The first thing we did was to determine boundaries. If you don’t do that from the get-go, the job will never end. So we decided to tackle the design over a series of stages. Here’s what we came up with:

  • Organize elements and eliminate the unnecessary;
  • Find a new color scheme;
  • Organize the palette;
  • Work on the contrast of the interface;
  • Apply a new font.

Optimizing our assets

The main color of the admin panel was blue, and it had been that way from the very beginning. So we decided to update it.

At first, we thought of using the color from the logo.

Dashly logo
Dashly logo

Toolbar in orange:

Experiment with an orange color
Experiment with an orange color

Nope, not good. Looks like some kind of alert or warning.

Next, we tried green:

Experiment with a green color

Experiment with a green color

Much better, but not quite what we were looking for. So we explored further.

Color theory mojo

As we played around with colors, we realized we needed a more systematic approach. So we started looking at color schemes for our new palette. We started with a “triad scheme”, which uses three colors that are at the same distance from each other on the color wheel.

We combined this model with our two existing colors —green and orange— since they were already used in the logo and marketing materials, and as indicators in your account.

Next, we used AdobeColor with these two colors to find a third. We got purple. Cool!

Color palette
Color palette
New color scheme for the dashboard
New color scheme for the dashboard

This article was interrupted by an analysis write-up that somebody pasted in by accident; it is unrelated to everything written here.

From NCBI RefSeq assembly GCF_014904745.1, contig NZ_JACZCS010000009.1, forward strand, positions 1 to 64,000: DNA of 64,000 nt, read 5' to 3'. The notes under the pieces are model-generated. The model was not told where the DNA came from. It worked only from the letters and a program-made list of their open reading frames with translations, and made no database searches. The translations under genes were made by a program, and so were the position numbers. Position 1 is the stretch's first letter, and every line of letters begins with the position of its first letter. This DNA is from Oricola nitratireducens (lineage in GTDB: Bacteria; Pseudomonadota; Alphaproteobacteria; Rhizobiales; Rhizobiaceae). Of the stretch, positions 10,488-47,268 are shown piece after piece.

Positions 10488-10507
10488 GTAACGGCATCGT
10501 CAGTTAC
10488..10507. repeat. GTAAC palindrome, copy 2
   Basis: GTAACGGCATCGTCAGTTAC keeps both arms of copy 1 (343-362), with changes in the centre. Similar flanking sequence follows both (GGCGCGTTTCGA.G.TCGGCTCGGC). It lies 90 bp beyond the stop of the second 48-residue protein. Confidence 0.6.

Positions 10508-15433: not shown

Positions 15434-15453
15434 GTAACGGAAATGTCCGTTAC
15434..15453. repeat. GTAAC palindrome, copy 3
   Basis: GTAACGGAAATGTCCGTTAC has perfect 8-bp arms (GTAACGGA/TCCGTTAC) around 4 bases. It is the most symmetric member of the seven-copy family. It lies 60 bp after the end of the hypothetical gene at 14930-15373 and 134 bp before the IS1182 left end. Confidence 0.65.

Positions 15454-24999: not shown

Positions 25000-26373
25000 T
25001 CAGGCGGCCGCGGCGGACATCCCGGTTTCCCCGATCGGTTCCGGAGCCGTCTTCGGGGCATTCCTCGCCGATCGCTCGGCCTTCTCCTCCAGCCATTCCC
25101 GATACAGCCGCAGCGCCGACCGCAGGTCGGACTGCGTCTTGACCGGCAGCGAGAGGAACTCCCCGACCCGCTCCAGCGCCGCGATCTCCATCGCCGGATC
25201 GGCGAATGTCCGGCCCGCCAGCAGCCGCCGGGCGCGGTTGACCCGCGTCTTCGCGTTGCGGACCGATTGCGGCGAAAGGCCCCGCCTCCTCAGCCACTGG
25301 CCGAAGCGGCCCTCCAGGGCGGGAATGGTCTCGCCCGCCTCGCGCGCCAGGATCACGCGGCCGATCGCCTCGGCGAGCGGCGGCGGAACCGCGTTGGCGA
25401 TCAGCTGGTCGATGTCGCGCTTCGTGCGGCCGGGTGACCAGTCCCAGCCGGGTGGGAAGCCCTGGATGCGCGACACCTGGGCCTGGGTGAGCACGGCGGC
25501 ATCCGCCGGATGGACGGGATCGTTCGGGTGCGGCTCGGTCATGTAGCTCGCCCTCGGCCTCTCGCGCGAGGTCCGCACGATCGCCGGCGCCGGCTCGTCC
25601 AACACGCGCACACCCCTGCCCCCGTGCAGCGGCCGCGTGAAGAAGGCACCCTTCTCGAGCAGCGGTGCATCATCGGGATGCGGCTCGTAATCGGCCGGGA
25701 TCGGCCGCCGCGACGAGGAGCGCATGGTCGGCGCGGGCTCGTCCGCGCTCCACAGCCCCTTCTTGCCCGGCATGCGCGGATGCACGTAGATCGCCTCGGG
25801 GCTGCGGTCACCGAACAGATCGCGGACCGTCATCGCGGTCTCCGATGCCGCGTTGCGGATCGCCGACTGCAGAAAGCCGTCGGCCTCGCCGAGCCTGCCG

The dashboard is in the new color scheme.

Determining the full-color palette according to the HSL model

Ok, so now that we had our three colors, we needed to agree on how to work with them. For this, we used the HSL model as our basis. HSL stands for Hue, Saturation, and Lightness.

The HSL model is represented as a cylinder. The color tone is measured in degrees along a horizontal circle. The saturation is measured radially from the neutral axis of the cylinder to the more saturated edges. The lightness value is measured vertically along the cylinder axis, from absolute black to white.

HSL model
HSL model

We picked violet for our main color, together with several minor colors that we decided to use in our interface:

  • yellow — for notifications;
  • orange — for errors;
  • green — for successful actions;
  • black and gray — for background, text and neutral elements.

We divided the colors according to the HSL model from white to black with a step of 5% lightness. Then, based on our own guidelines, we decided which colors we would use.

For the base color, we picked a 50% lightness. Then we went with -10% for text, +45% for the background color, and so on.

Color range
Color range

Here’s the neat part.

Now, all the elements in the service are described by formulas, which in turn determine the colors, state on hover, and selection. This allows us to change parameters in one place, and have them updated everywhere.